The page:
Ma Jun experienced a strange role reversal during Donald Trump’s presidency. Over more than two decades as one of China’s top environmental campaigners, American encouragement for Beijing to cut carbon emissions and temper the damage of rapid industrialisation had been part of the background music. Ma never imagined he would see the US renege on environmental commitments while China began to face up to the challenge.
“It’s been frustrating,” says Ma of the past four years as we speak on the phone, the bustle of Beijing audible in the background. “When it comes to environmental collaboration between the governments, it has been hard to do anything.”
Before the US election, the Chinese foreign ministry issued a 12-point excoriation of Washington’s record on the environment, criticising the Trump administration’s decision to withdraw from the Paris climate agreement and failure to protect wildlife – even condemning methane gas leaks from fracking. While the criticisms were likely made in response to a similar State Department factsheet in September, the old dynamic between the two powers on the environment appears to be over.
“China has started changing its course. We have seen a lot more ‘walk the walk’ action. China has adopted some tough measures to try to deal with the pollution and environmental damage problem. And we have seen some progress made because of that,” Ma says.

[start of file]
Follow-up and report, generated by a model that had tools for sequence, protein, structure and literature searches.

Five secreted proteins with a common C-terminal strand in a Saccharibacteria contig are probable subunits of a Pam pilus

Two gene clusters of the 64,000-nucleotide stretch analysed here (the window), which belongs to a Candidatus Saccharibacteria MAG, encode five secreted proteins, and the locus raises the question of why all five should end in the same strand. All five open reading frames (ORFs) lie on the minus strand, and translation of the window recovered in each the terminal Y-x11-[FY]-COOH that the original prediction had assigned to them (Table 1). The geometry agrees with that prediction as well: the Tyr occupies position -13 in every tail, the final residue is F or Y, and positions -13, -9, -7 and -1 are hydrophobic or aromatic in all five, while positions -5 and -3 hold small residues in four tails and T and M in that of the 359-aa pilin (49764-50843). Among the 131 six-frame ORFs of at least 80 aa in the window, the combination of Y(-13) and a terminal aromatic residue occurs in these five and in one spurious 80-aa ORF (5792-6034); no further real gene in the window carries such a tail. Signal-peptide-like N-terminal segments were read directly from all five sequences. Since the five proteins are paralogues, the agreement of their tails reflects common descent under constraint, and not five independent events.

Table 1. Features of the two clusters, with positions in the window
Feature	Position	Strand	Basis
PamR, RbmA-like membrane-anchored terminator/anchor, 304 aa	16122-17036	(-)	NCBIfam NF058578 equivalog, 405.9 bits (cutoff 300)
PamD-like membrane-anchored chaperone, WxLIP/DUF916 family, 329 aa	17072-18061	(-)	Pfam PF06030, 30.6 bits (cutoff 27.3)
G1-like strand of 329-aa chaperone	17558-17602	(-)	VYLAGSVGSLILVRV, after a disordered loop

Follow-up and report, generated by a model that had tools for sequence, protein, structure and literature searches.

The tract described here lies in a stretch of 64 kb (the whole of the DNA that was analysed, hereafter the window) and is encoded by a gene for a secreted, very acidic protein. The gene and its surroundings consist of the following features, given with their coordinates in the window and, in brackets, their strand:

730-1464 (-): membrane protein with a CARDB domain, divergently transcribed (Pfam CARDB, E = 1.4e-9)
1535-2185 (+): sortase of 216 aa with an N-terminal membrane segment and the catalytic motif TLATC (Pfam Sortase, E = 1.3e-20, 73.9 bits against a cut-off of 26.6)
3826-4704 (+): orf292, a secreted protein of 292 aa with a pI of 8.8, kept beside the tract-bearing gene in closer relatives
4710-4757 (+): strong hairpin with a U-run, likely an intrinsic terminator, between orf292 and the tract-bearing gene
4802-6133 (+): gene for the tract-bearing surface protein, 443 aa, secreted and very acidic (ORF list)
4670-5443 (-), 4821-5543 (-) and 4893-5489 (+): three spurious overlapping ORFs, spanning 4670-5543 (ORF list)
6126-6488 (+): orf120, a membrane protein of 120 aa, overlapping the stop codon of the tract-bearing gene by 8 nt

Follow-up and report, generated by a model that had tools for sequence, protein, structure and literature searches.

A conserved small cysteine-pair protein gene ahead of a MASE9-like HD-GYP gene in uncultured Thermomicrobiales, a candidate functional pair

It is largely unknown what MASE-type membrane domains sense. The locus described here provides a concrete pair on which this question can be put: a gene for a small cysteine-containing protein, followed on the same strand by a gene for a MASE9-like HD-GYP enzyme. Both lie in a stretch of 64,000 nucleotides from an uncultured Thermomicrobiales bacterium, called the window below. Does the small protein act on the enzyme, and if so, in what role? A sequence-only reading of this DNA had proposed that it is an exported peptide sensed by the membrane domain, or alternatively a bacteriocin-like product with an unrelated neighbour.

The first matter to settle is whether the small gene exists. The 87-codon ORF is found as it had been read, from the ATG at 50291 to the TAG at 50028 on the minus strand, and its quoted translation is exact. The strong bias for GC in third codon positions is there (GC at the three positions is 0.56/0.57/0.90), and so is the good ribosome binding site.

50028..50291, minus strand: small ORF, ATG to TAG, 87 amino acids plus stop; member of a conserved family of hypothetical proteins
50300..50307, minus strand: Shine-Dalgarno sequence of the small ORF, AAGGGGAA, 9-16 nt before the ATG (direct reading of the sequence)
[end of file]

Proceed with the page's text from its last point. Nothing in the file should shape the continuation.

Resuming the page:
When the 52-year-old former investigative journalist wrote the now seminal China’s Water Crisis – published in China in 1999 and the west in 2004 – air pollution, contaminated water and deforestation were largely accepted as the price of China’s rapid economic development. Ma’s writing on the pollution crisis helped provoke an environmental awakening.
More than two decades later, China is preparing to host major talks on the environment for the first time at Cop 15 in Kunming in 2021, where the international community will sign up to a Paris-style agreement for nature. President Xi Jinping has pledged to achieve carbon neutrality before 2060 and ensure China’s greenhouse gas emissions peak during this decade. The next five-year plan, currently being developed, could be the greenest yet.
“I think most importantly for China to change its course was the voice made by the Chinese people, by the citizens,” says Ma. “The issue around smog has made a big difference. So many started making their voices heard. Eventually, the government started monitoring and disclosing truthful information.” While more than a million people still die early every year due to air pollution in China, the number of deaths has started to drop and air quality is improving.
“The more action taken, the more confidence it gives to decision makers that it will not lead to a massive disruption of society,” adds Ma.